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Second Appeal Brief
PA ID# 027-06610-00; Town of Boonton
PW ID# 1539; Slope Stabilization – Immediate Threat
Conclusion: On second appeal, the Town of Boonton (Applicant) fails to demonstrate that the slope failure caused by Hurricane Irene presents an immediate threat to life or improved property.
In August 2011, rain and flooding resulting from Hurricane Irene caused the Applicant’s slope, located at Grace Lord Park, to fail. The Applicant requested PA funding for emergency protective measures, including placing large Rip Rap along the base of the of the slope failure, to stabilize it. In PW 1539, FEMA determined that emergency protective measures to stabilize the slope were ineligible because of the lack of immediate threat to improved property, required by 44 C.F.R. § 206.221(c) and FEMA RP 9524.2. In the first appeal, the Applicant asserted that the slope failure was the result of erosion due to flood waters caused by Hurricane Irene. In addition, the Applicant asserted that, based on U.S. Geological Survey (USGS) records, additional erosion caused by future flooding could reasonably result in a threat to lives and improved property. The Region II Acting Regional Administrator (RA) denied the appeal because “it was determined that the 600 foot section of failed slope… is a Natural Ground Slope and is classified as an unimproved earthen material which has not been reworked, mechanically altered or improved.” In addition, the Acting RA agreed with the initial determination that the slope failure did not present an immediate threat to life or improved property. In the second appeal, the Applicant asserts that the slope failure presents an immediate threat to improved property.
Authorities and Second Appeals
- Stafford Act § 403, 42 U.S.C. § 5170b.
- 44 CFR § 206.201(b).
- 44 CFR § 206.204(c), (d).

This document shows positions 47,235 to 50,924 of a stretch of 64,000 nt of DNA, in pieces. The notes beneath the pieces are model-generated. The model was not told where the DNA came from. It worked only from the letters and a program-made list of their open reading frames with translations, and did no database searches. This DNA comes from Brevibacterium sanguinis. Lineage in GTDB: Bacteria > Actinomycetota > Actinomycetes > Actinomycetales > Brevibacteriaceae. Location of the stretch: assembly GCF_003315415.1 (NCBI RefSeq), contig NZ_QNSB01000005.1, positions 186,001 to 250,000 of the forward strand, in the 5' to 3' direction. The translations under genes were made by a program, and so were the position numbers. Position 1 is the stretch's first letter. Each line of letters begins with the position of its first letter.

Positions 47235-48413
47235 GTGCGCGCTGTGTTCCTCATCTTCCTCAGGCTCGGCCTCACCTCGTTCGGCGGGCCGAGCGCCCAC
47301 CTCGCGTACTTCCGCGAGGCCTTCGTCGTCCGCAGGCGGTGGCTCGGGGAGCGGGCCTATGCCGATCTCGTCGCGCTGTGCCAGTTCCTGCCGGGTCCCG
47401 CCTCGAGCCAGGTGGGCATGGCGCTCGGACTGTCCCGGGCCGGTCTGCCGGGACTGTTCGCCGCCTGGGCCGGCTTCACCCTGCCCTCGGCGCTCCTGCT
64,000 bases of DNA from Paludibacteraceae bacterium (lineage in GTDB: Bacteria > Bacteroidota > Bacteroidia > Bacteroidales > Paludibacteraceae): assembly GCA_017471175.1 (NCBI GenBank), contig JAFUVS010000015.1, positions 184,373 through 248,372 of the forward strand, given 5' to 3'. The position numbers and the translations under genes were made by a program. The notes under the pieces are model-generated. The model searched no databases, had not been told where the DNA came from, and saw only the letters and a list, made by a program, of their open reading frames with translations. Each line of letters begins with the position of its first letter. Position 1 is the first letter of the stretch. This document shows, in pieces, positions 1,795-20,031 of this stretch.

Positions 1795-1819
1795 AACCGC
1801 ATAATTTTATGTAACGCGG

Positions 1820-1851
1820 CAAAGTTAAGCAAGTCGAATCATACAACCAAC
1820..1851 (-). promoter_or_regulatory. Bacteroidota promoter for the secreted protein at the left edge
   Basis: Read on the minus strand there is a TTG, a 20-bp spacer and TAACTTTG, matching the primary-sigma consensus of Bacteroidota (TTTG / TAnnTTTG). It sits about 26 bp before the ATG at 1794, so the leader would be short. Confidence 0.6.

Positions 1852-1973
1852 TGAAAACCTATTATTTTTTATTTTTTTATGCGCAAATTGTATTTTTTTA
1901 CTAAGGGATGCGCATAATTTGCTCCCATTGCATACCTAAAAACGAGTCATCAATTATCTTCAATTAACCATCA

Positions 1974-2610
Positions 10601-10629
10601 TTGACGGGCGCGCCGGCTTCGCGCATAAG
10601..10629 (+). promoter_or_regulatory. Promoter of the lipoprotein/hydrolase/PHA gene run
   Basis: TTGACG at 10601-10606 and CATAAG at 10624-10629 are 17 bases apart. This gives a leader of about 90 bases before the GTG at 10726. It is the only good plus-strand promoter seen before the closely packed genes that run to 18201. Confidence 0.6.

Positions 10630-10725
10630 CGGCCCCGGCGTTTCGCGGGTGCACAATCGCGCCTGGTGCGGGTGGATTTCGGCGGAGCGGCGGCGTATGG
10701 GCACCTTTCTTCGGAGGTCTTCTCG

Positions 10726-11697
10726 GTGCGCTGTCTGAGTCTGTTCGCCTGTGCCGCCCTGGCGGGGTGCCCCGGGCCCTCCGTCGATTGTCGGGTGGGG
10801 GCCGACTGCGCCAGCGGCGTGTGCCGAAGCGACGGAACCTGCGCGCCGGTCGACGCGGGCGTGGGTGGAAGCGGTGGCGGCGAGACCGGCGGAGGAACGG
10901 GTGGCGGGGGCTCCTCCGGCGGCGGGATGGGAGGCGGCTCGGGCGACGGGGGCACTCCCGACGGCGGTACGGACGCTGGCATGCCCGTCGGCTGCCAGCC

- 44 CFR § 206.225(a).
- 44 CFR § 206.221(c).
- PA Guide, at 1, 2, 29, 71, 74.
- RP 9524.2, Landslides and Slope Stability Related to Public Facilities, at 5.
- Stafford Act § 403 authorizes FEMA to “provide assistance essential to meeting immediate threats to life and property resulting from a major disaster.”
- Pursuant to 44 C.F.R. § 206.225(a), emergency protective measures to save lives, to protect public health and safety, and to protect improved property are eligible for PA funding.
- Under 44 C.F.R. § 206.204(c), emergency work must be completed within six months of a disaster unless extenuating circumstances are present.
- The Applicant failed to implement any emergency protective measures to stabilize its slope more than 32 months after Hurricane Irene occurred.
- According to the PA Guide at 2, recovery actions should not be dependent upon whether there will be Federal assistance.
- The Applicant asserts that, due to FEMA’s lack of diligence, it has not yet implemented emergency protective measures to stabilize its slope.
- Anticipation of a FEMA eligibility determination is not a basis for delay of emergency work.
- According to the PA Guide at 71, FEMA considers emergency protective measures to include activities undertaken by a community before, during, and following a disaster to eliminate or reduce an immediate threat to improved public or private property.
- The Applicant failed to demonstrate that the slope failure presents an immediate threat to improved property.